As the role of brick-and-mortar stores evolves with the growth of online sales, much of retailers’ success will hinge on how well their employees create stand-out customer experiences. That’s a growing challenge as customers become more informed and exacting in what they expect from their retailers.
Robert Fort, BCBG Max Azria Group CIO, and Jessica Rosaria, district store manager, outlined this new reality in the closing session of ENGAGE! 2016. They described an environment in which customers expect more from employees than working registers and stocking shelves. Shoppers remember moments, not things. When a shopper has fun in a store, they will return. Everything about the store contributes to the brand's integrity, from its layout to its employees’ persona and performance.
Employees are usually a customer's first live experience with the brand. A guest will feed off an employee's positive attitude and the enthusiastic energy. Conversely, a guest will be repulsed by stressed-out employees who are bored with their jobs.
The manager’s coaching and direction is the first key element in creating the right employee spirit. The other is training – a new model of training that eschews manuals, DVDs, conventional computer-based training, or occasional live training sessions.
Training built around short, interactive video modules will appeal to the sensibilities and learning patterns of Internet age employees. Delivered through their personal smart devices, tablets, or in-store screen networks, short-form interactive training can also fit into their work days in a way conventional training doesn’t.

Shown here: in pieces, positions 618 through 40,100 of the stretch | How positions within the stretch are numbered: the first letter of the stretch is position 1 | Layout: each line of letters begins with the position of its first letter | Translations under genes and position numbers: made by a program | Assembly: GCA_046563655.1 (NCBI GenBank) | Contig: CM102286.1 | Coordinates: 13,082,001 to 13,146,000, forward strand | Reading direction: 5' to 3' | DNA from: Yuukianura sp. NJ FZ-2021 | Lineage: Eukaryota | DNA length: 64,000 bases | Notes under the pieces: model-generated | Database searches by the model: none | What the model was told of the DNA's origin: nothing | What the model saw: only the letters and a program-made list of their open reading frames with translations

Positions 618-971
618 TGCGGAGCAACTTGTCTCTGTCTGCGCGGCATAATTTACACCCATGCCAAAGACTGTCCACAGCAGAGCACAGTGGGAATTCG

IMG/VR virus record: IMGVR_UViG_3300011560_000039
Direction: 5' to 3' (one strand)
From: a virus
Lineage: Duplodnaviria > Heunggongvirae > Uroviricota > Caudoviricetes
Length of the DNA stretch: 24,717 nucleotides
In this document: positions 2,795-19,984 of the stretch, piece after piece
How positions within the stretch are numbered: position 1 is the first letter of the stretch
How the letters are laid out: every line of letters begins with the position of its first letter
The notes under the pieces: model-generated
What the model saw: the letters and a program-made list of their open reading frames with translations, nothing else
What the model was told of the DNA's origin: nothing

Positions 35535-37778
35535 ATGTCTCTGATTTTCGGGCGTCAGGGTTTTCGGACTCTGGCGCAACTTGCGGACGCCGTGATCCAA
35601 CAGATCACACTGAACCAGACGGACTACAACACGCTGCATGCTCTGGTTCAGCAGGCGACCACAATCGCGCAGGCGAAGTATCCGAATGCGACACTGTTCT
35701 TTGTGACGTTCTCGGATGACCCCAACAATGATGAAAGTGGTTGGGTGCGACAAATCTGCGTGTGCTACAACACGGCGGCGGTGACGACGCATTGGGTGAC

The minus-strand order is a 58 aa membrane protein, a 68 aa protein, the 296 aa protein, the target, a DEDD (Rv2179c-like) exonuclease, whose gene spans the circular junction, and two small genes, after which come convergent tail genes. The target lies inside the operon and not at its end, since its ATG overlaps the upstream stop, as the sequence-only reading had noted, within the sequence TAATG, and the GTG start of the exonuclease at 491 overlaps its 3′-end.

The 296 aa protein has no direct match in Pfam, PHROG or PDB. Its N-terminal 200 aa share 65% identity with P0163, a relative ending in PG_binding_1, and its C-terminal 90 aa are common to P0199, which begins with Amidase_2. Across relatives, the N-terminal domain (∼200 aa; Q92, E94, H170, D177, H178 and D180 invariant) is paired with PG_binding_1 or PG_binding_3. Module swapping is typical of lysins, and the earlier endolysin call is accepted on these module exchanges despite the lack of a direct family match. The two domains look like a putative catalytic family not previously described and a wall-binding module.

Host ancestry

Interactive video opens up a new range of training options for retailers. Live role playing (virtual or in-person) allows employees to experience the problem and its resolution. Alternatively, retailers can create short video clips showing employees how they’re supposed to act in various situations. Employees can select options that show different responses and learn from their outcomes.
Interactive video training can also help the retail industry’s notoriously high employee turnover. Every manager knows that when an employee leaves, the store suffers lost productivity and the burden of training a replacement.
Money alone isn’t the answer. Store managers can’t buy employee commitment. It’s financially unsustainable and simply doesn’t work.
Team spirit, where individuals feel like a part of something big and positive, boosts employee retention. Internal digital media networks not only provide a medium for managers to publicly recognize their staff, but also a channel for employees to share best practices with each other. Employees often learn best from other employees. A personal connection encourages retention and motivates employees to give their best efforts, which in turn builds the brand.
The common element in retention and brand-building is a training model that recognizes the impact of interactive communication with employees. Simple, short, interactive instruction provided frequently over time is a proven path to above-and- beyond employee performance. It is a powerful and essential management tool for improving employee performance and transforming the customer's experience.